This year’s Cheltenham Music Festival, which opened on Friday, has a Scottish theme running through it, featuring music on Scottish subjects by composers such as Schumann and Mendelssohn and introducing new music by living composers from north of the border. To bolster their number, London-born Sally Beamish, who moved to Scotland in 1989, has been added to the list as the festival’s featured composer. Speaking on the opening night, she reminisced wryly that the first work of hers to be performed at Cheltenham had lasted all of one minute – so the invitation to offer something rather longer for the 2006 festival must have been welcome.

A concerto for classical accordion and orchestra may not seem an obviously Scottish choice, but that would be to underestimate the composer’s ingenuity. Beamish has called her concerto “The Singing” and the title refers to the mournful tone of Gaelic songs and psalms that pervades its atmosphere. Then there is the sound of the accordion itself, an instrument that is not so far from the bagpipes. The concerto starts with its toneless wheezing as it fills its lungs, followed by an eerie, high voice when it starts to sing its song, reflecting on the hardships of the Highland clearances at the end of the 18th century. James Crabbe, the soloist, sounded expert in all the demands the concerto placed on him. Although the music takes some time to impose its personality, it pulls the various threads together in a well-contrasted set of variations at the end.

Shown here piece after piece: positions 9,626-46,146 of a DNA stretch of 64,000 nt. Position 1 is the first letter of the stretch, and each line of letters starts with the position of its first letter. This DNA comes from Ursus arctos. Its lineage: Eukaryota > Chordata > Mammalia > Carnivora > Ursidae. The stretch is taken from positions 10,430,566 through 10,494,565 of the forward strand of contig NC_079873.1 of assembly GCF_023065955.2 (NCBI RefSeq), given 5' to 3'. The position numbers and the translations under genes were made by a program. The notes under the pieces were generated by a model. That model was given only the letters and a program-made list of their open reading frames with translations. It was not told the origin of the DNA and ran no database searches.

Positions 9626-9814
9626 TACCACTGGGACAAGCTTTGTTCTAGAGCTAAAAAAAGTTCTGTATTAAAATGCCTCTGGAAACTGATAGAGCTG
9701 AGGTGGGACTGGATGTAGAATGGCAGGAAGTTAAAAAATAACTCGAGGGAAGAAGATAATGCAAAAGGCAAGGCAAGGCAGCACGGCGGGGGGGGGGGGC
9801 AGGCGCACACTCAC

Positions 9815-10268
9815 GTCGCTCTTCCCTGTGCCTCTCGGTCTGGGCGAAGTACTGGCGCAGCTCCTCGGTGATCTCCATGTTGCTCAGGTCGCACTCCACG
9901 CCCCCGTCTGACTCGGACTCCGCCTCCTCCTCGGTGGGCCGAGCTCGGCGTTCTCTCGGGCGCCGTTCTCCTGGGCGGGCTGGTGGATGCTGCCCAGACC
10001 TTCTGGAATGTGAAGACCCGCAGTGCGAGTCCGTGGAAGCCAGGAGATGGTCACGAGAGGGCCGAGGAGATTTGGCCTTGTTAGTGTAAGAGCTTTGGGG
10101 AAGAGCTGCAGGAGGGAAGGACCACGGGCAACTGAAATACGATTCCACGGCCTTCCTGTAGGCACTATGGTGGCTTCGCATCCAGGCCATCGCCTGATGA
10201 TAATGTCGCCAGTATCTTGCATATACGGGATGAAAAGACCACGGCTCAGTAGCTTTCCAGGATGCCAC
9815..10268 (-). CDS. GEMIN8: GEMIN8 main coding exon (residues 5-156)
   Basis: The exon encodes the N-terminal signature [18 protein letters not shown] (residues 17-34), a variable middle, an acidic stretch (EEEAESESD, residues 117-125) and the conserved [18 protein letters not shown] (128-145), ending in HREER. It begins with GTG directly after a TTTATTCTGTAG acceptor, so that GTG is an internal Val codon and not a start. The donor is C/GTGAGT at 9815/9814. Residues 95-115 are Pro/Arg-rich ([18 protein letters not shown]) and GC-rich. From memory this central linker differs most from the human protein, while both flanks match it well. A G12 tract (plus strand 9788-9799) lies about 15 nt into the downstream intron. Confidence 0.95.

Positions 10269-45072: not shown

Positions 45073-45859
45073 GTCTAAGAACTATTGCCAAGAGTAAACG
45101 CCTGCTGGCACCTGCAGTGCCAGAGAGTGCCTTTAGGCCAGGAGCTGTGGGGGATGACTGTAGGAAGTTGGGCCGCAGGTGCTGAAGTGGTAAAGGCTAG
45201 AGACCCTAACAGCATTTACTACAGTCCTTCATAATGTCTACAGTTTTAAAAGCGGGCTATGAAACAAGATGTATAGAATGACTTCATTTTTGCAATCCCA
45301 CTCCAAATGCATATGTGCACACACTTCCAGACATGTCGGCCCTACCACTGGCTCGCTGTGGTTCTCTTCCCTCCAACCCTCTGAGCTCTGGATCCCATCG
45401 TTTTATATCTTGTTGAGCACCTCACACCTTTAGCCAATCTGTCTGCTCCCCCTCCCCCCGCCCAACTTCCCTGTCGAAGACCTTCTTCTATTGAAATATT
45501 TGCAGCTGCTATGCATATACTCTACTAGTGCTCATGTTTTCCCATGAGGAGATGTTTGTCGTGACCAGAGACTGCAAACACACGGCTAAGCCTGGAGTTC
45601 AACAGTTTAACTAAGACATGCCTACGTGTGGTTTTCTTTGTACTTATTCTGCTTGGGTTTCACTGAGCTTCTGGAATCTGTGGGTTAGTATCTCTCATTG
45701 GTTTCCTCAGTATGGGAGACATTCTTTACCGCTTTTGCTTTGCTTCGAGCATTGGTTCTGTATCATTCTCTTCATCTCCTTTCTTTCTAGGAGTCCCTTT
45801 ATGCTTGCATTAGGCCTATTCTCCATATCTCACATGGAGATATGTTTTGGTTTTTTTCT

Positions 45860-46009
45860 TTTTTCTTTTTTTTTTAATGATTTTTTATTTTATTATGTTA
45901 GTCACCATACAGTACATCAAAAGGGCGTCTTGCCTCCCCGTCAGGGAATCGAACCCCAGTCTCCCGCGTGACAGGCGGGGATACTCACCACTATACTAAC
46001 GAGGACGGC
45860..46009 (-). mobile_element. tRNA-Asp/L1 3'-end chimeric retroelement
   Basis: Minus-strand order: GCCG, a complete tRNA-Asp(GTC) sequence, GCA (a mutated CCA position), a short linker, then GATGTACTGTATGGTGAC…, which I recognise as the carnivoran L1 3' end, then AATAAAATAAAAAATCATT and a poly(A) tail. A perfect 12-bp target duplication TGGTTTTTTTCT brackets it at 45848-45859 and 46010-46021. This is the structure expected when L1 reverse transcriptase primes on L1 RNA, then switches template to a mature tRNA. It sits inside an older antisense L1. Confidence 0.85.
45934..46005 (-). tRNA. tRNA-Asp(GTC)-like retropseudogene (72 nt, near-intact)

The festival’s Scottish journey had started out in the Hebrides with Mendelssohn’s “Fingal’s Cave” Overture. Then conductor Martyn Brabbins (Cheltenham’s artistic director) and the Hallé Orchestra crossed to the other side of Europe for Mahler’s Symphony No.4, rather overindulging its Viennese schmaltz on the way. Perhaps their hearts were still in the land of lochs and glens. ★★★☆☆

Tel 01242 227979

Festival continues until July 15

Get alerts on Life & Arts when a new story is published

Copyright The Financial Times Limited 2022. All rights reserved.
Reuse this content (opens in new window) CommentsJump to comments section

Comments have not been enabled for this article.

Follow the topics in this article